scaup (skôp) (aka bluebill)
Average length: male 17 inches, female 16.5 inches
Average weight: male 1.8 pounds, female 1.6 pounds
Radically fast bird, quick on the wing, a true rocket of the north. In size, the male mostly closely resembles the ring-necked duck. Differentiating the two is possible on the wing but not easy -- particularly in early season, when the birds are not yet fully plumed, and especially in the half-light of predawn. The key is seeing the speculum, which is a band of feathers visible on the top of the wing. On bluebills -- male and female -- the speculum is white. On ringnecks, the speculum is a light, dusty gray. In the hand, meanwhile, look for a "blue'' bill. Also, males have glossy black heads with a purple or green cast, depending on the angle of light. A female bluebill has a brownish head, neck and chest and a white oval band on the face, at the base of the bill. Hen ringnecks don't have this band but do have a smattering of lightness on the face, at the base of their bills.
ring-necked duck (ring´nek´)
Average length: male 17 inches, female 16.6 inches
Average weight: male 1.6 pounds, female 1.5 pounds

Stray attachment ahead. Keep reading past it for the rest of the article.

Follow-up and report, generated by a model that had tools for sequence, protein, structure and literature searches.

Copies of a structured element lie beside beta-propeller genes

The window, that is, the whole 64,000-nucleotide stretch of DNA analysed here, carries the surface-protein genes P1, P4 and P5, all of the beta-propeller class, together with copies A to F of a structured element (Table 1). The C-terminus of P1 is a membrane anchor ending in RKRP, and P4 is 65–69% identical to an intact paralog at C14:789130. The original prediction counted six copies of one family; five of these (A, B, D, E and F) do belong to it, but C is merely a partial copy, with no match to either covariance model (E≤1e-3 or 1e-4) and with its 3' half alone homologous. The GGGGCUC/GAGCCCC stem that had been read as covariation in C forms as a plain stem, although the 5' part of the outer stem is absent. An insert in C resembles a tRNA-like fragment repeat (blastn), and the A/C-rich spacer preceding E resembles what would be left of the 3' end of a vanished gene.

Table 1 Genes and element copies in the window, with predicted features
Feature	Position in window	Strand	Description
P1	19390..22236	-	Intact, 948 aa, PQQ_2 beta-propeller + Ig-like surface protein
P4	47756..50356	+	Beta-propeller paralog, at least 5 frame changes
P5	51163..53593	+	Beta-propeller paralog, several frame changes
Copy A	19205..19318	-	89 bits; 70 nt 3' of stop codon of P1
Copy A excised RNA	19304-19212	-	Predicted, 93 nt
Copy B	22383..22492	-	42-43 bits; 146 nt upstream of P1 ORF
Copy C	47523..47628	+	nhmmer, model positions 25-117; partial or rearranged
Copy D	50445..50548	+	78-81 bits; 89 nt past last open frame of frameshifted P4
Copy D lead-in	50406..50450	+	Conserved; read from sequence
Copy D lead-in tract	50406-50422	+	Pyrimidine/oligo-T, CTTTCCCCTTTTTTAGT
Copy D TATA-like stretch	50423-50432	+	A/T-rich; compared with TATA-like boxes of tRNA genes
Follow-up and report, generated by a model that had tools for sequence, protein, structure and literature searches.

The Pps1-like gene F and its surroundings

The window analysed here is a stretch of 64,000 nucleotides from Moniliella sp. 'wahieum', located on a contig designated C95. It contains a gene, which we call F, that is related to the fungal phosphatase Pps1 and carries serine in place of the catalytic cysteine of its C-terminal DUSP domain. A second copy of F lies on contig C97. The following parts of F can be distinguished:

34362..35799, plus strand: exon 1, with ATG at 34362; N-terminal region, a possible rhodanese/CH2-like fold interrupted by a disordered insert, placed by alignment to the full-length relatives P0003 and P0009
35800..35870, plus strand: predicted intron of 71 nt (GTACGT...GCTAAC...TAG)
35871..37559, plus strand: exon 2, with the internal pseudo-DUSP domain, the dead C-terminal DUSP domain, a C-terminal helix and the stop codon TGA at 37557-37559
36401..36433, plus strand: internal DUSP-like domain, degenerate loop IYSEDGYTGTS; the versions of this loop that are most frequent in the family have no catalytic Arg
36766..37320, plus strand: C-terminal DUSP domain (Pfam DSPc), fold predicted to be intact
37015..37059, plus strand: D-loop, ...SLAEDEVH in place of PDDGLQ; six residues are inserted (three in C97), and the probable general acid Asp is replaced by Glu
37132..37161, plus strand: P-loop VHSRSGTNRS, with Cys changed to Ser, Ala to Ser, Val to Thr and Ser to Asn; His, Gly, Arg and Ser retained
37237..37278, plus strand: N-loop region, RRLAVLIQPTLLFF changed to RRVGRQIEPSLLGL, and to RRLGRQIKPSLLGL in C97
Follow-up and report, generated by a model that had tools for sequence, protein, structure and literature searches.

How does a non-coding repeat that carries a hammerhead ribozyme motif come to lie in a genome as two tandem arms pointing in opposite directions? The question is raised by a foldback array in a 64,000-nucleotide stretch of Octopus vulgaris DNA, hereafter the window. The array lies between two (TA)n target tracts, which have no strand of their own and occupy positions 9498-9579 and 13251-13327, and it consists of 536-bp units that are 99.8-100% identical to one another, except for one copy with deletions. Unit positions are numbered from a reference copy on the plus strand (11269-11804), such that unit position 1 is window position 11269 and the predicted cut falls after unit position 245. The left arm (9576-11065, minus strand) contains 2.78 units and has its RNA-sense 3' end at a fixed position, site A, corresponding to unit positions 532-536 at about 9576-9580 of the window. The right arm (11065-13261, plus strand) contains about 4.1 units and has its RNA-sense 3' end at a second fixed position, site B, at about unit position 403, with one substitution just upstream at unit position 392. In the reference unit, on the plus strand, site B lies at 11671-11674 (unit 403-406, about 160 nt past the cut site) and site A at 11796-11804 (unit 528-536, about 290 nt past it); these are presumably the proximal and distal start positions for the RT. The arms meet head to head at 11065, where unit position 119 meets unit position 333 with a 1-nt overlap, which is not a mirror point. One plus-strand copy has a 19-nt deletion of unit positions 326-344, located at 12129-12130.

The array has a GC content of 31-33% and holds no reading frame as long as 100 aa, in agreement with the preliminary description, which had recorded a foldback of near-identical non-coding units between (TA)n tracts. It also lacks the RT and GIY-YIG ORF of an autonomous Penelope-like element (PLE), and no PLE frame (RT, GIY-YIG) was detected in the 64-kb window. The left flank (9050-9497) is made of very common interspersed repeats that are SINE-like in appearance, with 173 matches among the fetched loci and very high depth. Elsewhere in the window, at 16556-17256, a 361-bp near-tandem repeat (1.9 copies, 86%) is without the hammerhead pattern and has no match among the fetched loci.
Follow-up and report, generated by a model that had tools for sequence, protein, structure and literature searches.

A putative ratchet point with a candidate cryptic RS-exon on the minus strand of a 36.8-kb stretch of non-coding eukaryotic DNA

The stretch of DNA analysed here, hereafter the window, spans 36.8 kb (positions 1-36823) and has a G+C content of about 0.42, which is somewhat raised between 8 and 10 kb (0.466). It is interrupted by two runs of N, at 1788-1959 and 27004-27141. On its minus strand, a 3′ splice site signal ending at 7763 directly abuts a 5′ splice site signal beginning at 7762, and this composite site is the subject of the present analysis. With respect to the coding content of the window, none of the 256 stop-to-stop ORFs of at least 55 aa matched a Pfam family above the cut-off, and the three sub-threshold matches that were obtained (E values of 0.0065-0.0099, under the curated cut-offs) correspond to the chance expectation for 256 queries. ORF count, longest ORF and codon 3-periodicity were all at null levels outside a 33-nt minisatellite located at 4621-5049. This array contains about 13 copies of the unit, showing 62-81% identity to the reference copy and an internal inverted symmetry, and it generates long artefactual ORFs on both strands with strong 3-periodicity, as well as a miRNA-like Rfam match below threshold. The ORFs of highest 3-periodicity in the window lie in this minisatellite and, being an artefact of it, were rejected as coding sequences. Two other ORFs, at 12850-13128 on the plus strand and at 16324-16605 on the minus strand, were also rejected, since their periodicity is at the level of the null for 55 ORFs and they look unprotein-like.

In the hand, and when fully plumed, ring-necked ducks have more tufted heads than bluebills. Most noticeably, ringnecks have gray speculums (on the tops of their wings), not white, like bluebills. Still, on dark, cloudy mornings, don't expect easy identification between the two. And don't look for a ring around their necks, at least not in early fall -- it's generally only visible much later, when these ducks are fully plumed. Instead, and ironically, check for a ring around the bills of these birds. Yet in some instances even these rings are not fully developed in early fall, particularly on the hen ringneck, which is most difficult to distinguish not from hen bluebills but from hen redheads. Experienced waterfowlers can, however, tell one of these from the other by size (redheads are bigger) and wingbeats (redheads are slower) among other characteristics.